Deepfakes and Cybersecurity: How Much of a Threat Are They?

The ability to digitally insert actors into films has been available since the mid-1990s, when it was first used to finish The Crow after the tragic on-set death of lead actor Brandon Lee. Techniques to do this in a very realistic and natural-looking way have been available for years now, so why is there such a panic brewing over deepfakes?

Before deepfakes, this sort of thing required expensive CGI software and highly specialized knowledge that is limited to a relative handful of digital effects studios. Deepfakes employ artificial intelligence and allow anyone with a decent computer to make their own realistic fake videos starring just about anyone in the world, working only from a set of images or videos of their target.

How deepfakes got started

Deepfakes are a relatively new phenomenon, first starting to emerge on the internet in late 2017. They may initially seem like something cooked up by a shadowy intelligence agency, but they’re actually the invention of one anonymous Reddit user who publicly posted their work.

It’s not something that they invented from scratch, however – their work is simply built on Google’s open-source TensorFlow machine learning library. Deepfake algorithms use deep learning AI to replace one face with another. This is basically done by comparing facial positions and using this information to substitute in frame-by-frame replacements that automatically conform to the dimensions and conditions of the output video.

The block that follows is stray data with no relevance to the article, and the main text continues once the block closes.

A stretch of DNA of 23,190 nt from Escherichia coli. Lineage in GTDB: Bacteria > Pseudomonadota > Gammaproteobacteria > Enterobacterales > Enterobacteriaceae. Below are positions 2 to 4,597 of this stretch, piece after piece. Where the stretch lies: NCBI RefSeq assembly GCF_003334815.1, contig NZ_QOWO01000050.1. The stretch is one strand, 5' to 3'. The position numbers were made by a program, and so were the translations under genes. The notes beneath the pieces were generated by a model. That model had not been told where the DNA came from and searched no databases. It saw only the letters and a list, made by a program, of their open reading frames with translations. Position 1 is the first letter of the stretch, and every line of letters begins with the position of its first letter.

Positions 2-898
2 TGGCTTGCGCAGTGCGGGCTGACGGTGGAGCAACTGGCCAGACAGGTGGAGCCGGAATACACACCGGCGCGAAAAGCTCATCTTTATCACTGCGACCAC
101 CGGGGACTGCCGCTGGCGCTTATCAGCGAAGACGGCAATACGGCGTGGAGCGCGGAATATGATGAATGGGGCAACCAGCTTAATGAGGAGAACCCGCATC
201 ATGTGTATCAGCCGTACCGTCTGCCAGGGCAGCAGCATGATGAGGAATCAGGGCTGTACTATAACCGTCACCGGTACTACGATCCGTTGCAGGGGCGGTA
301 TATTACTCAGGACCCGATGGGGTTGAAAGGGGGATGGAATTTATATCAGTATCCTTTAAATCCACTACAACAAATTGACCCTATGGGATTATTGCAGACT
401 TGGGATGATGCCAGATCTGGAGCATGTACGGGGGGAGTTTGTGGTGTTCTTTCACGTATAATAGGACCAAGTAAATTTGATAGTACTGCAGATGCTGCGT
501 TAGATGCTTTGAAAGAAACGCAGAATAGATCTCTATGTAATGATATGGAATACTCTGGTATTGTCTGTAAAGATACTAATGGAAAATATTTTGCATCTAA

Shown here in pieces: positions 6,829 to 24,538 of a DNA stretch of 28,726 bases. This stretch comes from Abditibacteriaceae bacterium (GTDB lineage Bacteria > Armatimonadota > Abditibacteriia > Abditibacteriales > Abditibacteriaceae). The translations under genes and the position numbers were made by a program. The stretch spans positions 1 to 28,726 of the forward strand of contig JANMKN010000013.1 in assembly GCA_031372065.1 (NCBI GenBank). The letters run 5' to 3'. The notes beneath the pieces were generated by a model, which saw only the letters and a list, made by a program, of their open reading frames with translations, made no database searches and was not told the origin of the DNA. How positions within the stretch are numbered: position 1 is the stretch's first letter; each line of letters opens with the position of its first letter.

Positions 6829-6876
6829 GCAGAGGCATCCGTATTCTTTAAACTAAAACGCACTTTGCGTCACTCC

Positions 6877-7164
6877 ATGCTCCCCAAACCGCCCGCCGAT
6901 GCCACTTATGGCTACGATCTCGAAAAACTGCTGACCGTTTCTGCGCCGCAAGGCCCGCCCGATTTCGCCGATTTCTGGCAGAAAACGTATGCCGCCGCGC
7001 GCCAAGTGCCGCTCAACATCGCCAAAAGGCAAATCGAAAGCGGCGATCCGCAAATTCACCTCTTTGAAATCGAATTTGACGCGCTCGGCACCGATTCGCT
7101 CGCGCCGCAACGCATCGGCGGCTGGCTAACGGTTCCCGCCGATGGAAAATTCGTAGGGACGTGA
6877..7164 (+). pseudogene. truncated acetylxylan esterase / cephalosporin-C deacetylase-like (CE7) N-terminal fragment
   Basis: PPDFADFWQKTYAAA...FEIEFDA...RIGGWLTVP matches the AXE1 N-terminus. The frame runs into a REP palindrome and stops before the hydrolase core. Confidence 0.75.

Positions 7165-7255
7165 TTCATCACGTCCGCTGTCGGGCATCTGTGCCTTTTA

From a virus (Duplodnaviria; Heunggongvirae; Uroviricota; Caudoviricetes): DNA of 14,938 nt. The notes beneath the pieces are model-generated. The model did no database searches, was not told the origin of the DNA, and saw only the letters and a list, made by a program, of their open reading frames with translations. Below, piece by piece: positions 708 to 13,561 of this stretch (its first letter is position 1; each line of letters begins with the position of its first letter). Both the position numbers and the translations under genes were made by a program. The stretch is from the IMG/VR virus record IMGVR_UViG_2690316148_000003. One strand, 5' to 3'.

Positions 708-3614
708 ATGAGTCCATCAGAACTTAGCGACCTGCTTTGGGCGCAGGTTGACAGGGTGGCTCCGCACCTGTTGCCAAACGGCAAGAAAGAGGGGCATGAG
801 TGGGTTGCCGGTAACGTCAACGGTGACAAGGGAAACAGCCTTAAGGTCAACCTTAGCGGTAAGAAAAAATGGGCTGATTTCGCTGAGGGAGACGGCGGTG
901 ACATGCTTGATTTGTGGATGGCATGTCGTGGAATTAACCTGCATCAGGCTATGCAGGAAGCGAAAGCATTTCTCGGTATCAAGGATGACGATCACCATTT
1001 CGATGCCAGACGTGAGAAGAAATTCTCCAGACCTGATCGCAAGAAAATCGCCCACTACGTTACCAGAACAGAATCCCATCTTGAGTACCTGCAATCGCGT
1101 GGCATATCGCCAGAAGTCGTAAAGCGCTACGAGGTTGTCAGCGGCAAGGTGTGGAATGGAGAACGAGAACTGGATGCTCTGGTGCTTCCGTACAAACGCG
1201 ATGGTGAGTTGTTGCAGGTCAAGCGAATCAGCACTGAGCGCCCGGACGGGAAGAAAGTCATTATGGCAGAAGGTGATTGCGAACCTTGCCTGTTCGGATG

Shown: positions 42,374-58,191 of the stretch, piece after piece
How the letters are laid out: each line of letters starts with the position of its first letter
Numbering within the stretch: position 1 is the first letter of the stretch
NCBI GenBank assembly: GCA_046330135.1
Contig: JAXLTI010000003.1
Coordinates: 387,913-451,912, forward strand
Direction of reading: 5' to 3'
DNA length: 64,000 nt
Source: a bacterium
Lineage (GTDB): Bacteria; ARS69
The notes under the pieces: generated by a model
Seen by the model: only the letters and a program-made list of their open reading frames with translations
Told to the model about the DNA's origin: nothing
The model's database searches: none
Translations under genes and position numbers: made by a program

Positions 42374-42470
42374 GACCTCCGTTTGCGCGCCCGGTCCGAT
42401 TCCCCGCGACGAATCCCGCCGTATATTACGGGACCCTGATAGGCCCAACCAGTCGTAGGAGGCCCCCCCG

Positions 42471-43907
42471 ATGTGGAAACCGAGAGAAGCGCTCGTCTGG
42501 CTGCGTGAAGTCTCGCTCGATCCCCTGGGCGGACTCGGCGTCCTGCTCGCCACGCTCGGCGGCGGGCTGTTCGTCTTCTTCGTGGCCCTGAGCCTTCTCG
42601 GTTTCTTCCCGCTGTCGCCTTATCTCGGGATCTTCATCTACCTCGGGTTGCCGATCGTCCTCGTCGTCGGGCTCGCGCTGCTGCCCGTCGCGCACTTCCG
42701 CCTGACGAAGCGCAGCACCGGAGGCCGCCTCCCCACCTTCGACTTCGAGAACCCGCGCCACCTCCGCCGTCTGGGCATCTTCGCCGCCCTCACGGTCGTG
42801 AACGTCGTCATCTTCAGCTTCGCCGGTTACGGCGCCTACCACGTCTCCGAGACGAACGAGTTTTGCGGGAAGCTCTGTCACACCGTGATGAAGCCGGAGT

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Not surprisingly, the earliest use of this AI learning technique was to create fake porn. A good work-friendly example of deepfakes in action is available from director and comedian Jordan Peele, who used Barack Obama as a subject for a PSA he released in April of 2018. In the video, Obama appears to say a number of ridiculous things before delivering a warning about fake news.

That explains the face-swapping video, but what about the audio in the Obama video? This is something that Peele was also involved with at an earlier date. In 2016, he served as a celebrity host for Adobe’s public reveal of their new VoCo audio editing tool. VoCo is to audio what the deepfake algorithm is to video. Naturally, deepfaked video and audio can be paired together to create a more convincing video as Peele did with his Obama PSA.

Deepfakes as disinformation?

The implications of this are definitely disturbing. However, as you can see from the Obama video, deepfake videos are still far from perfect. They have moments where they look frighteningly real, but the entirety of any given video also usually has lots of small glitches and imperfect facial matches that make clear it is a fake. And as with traditional forms of animation, getting mouth movements to sync up with speech just right is the hardest part.

Fortunately for global stability and security professionals, most of the first year of this technology has been limited to the creation of deepfake porn by its enthusiasts. Some minor political uses of deepfakes have sprung up, but are constrained by the current technical limitations. For example, a video of Parkland High student and gun control activist Emma González was deepfaked – but the target was not her face. Instead, the fakers changed a shooting range target she ripped up into the United States Constitution.